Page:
In A Midsummer Night's Dream, how does Shakespeare use the mechanicals' play to comment on performing a tragedy?
Please describe two ways Shakesepeare uses the play within a play to comment on performing a tragedy.
1 Answer | Add Yours
It is tricky to answer this question completely, since most of the comment and comedy of the play about Pyramus and Thisbe needs to be developed by the actors performing the mechanicals who perform the play within a play.
Here are some observations:
- Bottom is the classic theatrical diva. He wants to play every part and direct all the other performers to boot. From the background we have about in him in rehearsals, it can be assumed that he will overact all his lines when performing before Theseus, becoming the classic stage hog, milking all tragic moments. This goes double for his suicide, which the text indicates is an event he plays over and over -- dramatic overkill!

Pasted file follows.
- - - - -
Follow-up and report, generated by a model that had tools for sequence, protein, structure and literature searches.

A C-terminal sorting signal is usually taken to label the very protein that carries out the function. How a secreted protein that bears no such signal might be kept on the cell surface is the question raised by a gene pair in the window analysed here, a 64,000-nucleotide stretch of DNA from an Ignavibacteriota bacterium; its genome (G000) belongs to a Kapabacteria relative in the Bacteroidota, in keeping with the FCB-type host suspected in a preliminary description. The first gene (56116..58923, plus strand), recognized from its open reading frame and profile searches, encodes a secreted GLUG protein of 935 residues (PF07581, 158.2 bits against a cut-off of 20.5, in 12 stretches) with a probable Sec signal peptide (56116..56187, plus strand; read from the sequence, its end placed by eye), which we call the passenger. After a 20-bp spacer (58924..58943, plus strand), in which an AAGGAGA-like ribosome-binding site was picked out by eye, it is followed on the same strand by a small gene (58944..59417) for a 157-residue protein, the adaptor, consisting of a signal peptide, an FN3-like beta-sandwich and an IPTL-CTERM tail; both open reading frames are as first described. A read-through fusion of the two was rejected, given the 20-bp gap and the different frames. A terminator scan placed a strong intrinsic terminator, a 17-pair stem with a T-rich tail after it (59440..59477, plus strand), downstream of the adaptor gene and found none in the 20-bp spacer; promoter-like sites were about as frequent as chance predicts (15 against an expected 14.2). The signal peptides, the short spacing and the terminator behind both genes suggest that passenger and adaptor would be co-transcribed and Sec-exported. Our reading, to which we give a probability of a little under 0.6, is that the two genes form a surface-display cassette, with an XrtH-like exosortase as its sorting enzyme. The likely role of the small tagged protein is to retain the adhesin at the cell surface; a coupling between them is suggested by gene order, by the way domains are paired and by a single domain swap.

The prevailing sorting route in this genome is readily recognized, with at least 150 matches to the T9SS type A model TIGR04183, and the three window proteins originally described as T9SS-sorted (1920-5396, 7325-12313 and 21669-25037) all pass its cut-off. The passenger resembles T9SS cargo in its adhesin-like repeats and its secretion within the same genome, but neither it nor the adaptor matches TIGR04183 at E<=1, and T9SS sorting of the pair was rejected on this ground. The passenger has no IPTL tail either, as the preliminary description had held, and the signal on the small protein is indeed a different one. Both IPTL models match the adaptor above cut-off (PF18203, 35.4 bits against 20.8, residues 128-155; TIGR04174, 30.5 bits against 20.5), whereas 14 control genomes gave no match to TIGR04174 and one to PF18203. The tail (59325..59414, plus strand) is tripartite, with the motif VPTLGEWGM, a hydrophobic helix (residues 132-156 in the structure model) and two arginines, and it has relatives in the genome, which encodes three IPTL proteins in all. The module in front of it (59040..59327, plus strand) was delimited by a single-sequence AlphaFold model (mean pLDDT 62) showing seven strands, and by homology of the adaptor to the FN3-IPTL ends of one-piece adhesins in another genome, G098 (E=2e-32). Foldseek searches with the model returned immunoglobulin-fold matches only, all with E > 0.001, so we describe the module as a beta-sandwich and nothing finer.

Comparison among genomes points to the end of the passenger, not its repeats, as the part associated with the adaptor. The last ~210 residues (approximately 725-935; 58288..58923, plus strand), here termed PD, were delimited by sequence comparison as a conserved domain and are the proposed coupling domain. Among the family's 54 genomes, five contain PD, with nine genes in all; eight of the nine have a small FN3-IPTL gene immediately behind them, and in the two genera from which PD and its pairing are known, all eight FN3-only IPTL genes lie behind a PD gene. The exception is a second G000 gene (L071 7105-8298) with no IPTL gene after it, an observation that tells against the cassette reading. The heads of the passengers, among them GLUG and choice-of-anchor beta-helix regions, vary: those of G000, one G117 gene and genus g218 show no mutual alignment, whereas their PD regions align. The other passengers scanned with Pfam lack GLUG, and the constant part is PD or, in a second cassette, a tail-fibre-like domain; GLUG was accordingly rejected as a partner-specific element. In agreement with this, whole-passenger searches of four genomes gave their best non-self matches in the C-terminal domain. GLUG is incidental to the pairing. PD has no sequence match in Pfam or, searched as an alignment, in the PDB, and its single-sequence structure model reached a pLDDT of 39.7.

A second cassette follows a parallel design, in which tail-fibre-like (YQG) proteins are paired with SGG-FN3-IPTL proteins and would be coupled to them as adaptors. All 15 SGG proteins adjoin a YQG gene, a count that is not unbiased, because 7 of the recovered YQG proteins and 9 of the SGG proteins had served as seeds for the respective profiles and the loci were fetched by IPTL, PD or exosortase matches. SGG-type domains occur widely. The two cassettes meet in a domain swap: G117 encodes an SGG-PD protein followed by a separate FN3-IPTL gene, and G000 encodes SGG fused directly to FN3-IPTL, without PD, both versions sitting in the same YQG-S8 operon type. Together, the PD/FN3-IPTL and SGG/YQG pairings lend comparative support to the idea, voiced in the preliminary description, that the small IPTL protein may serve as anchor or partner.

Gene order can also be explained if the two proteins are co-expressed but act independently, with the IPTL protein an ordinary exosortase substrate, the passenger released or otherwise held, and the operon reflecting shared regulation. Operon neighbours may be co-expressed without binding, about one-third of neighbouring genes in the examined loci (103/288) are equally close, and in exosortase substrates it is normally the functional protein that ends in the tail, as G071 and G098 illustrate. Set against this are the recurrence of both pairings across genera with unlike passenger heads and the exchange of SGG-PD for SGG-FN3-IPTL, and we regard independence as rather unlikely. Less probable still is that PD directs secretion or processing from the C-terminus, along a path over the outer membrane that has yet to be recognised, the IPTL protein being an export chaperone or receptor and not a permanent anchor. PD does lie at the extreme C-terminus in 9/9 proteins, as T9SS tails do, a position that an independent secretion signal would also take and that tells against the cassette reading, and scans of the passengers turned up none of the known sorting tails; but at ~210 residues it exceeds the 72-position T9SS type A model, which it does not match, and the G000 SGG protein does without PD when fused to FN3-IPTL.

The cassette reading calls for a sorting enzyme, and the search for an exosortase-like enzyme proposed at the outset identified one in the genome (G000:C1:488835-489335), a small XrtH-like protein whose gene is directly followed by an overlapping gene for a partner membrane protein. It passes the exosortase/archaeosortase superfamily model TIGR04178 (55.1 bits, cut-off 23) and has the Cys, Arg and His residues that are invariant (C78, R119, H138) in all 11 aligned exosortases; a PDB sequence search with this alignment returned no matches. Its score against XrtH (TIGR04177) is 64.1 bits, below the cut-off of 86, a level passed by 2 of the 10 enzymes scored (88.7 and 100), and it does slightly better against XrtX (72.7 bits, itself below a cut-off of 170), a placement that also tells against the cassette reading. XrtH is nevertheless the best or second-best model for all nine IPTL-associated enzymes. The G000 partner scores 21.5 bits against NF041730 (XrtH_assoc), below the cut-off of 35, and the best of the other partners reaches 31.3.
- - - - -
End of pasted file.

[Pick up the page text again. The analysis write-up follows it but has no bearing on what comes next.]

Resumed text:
- Flute is a young man who must play the girl. This actor does not want to play the girl, and maybe must be reminded (even during the performance?) to keep his voice high and girlie.
- The story goes so fast that all the outlandish dramatic elements look absurd. Thisbe goes to "Ninny's" tomb and is randomly scared away by a lion, runs off, dropping her scarf, which is then ripped up and dropped by the lion, and finally found by Pyramus who recognizes it and assumes that Thisbe is dead. This is the sort of outlandish string of coincidences found in many tragedies -- Romeo and Juliet being a good example.
- The company of mechancials decides to add elements to the play for effect: a Wall and Moonshine. These additions point to the kinds of elements that Shakespeare left to the imagination. So, by having the mechancials decide to present them, he demonstrates how absurd it can be to actually represent these things on stage.
I'm sure that more ways could be brought out, but these are a good start. If you'd like to hone in on only two examples from the above that relate directly to staging a tragedy, they are Bottom/Pyramus' overkill on the death scene and the outlandish string of coincidences that bring about the tragic demise of the lovers.
We’ve answered 317,341 questions. We can answer yours, too.Ask a question